Russia's Proton Rockets to Resume Launches This Month After Failure
A Russian Proton rocket launches three new Glonass-M navigation satellites that later crashed into the Pacific Ocean after lifting off on Dec. 5, 2010 from Baikonur Cosmodrome in Kazakhstan.
Credit: Russian Federal Space Agency (Roscosmos)

PARIS ? Russia's Proton rocket will return to service at the end of December to launch a large commercial telecommunications satellite following a government inquiry that found the vehicle's Dec. 5 failure was caused by overfueling of its upper stage, Russian and International Launch Services (ILS) officials said Dec. 10.

The state commission investigating the failure, in which three Russian Glonass timing and navigation satellites were destroyed, has cleared Proton's three lower stages from any involvement in the malfunction. Commercial Proton rockets marketed by Reston, Va.-based ILS use the same lower three stages but a different upper stage, called Breeze M. The Glonass launch used a new version of the Russian Block DM upper stage.

The Russian space agency, Roskosmos, on Dec. 10 confirmed the commission's preliminary finding that the three Proton stages need not be grounded. A final report is due as soon as the week of Dec. 13.

James M. Bonner, chief technical officer for ILS, said the new version of the Block DM stage ? which is built by RSC Energia of Korolev, Russia ? features larger propellant tanks.

In what appears to have been a remarkable oversight, the personnel fueling the Block DM stage for the Glonass launch did not account for the larger tanks. That led to loading between 1,000 and 2,000 kilograms more propellant on the Block DM stage than what had been planned for the Glonass mission. Like the U.S. GPS navigation satellites, the Glonass system operates in medium Earth orbit.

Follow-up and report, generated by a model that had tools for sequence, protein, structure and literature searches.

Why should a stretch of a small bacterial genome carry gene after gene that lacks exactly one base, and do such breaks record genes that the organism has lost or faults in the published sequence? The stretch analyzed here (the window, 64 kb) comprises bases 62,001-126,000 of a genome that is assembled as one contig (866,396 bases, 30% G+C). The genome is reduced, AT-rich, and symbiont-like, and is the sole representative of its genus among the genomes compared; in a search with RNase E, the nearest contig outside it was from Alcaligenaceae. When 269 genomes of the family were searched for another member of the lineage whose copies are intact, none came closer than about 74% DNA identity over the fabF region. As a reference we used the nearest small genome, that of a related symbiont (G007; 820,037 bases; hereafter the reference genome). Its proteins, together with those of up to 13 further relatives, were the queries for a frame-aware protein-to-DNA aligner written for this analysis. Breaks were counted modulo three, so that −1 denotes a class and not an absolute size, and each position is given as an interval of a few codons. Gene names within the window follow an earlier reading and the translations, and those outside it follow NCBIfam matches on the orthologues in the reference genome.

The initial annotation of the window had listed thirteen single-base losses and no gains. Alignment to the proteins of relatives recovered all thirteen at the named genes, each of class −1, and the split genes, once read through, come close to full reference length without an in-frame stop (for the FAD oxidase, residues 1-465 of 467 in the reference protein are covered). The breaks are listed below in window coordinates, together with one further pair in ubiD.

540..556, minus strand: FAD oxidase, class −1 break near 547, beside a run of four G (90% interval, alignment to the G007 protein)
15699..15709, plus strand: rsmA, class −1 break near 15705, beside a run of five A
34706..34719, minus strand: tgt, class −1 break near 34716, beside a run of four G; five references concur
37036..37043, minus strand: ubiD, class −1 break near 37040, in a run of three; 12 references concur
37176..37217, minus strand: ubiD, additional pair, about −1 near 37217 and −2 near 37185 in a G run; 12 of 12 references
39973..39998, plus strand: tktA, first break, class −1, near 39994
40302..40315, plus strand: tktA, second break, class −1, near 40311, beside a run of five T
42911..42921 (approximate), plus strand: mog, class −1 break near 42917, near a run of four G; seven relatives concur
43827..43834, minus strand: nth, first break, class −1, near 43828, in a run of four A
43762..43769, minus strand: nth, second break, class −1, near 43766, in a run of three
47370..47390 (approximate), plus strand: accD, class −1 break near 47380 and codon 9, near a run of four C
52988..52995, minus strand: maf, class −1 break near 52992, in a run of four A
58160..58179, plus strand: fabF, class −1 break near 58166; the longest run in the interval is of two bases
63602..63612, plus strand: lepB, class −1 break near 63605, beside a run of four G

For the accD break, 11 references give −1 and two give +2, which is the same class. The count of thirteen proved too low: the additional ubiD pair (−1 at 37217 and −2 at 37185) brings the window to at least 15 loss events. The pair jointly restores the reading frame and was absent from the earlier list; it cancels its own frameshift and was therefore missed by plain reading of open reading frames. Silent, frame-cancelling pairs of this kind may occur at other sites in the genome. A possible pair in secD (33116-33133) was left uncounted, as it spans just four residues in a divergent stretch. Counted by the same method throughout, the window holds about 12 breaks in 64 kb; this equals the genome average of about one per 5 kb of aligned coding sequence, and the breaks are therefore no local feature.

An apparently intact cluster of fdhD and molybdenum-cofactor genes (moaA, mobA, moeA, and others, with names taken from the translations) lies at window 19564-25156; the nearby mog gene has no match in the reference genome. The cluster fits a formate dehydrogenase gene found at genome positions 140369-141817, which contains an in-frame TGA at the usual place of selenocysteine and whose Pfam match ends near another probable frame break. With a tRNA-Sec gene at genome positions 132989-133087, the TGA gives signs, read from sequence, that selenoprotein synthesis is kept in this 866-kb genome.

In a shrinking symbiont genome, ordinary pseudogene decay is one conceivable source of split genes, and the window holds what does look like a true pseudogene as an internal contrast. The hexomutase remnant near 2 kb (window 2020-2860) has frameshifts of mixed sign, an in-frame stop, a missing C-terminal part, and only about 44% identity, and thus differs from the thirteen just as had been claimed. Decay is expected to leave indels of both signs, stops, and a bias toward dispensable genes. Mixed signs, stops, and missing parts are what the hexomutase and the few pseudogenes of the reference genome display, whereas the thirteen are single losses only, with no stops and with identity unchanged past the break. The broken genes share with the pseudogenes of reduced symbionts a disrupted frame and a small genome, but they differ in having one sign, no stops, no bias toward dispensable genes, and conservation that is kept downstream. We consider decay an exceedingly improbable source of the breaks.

As a result of the excess propellant, the Proton's third stage, suffering from the additional weight it was carrying, underperformed, placing the Block DM stage and the stack of Glonass satellites into a lower-than-planned, suborbital drop-off point.

ILS is owned by Khrunichev State Research and Production Space Center of Moscow, which is prime contractor for Proton's three lower stages as well as for the Breeze M upper stage.

In an interview, Bonner said ILS will spend the week of Dec. 13 in Moscow reviewing the state commission's findings. After consulting with insurance underwriters and with Paris-based Eutelsat, whose Ka-Sat satellite is ILS's next Proton passenger, Ka-Sat's launch will be moved from Dec. 20 to a yet undetermined date in late December, he said.

"We will be there to do our due diligence and to review the state commission's findings," Bonner said. "Our assumption now is that this will cause a delay of seven or eight, or up to 10 days."

Russian holidays the first week of January argue against planning a launch during that period.

The state commission investigating the failure was led by G.G. Raikunov, director general of Russia's state-owned TsNIIMash space engineering services company.

In a statement of preliminary findings that Raikunov signed Dec. 10, the commission says: "[Telemetry] data analyses ? show that no issues with the functioning of [Proton's three-stage] systems and assemblies have been detected ? In view of the above, the Interdepartmental Commission deems it possible to proceed with further technical facility processing operations of [the launch vehicle] to launch ? Ka-Sat per the approved schedule."

This article was provided by Space News, dedicated to covering all aspects of the space industry.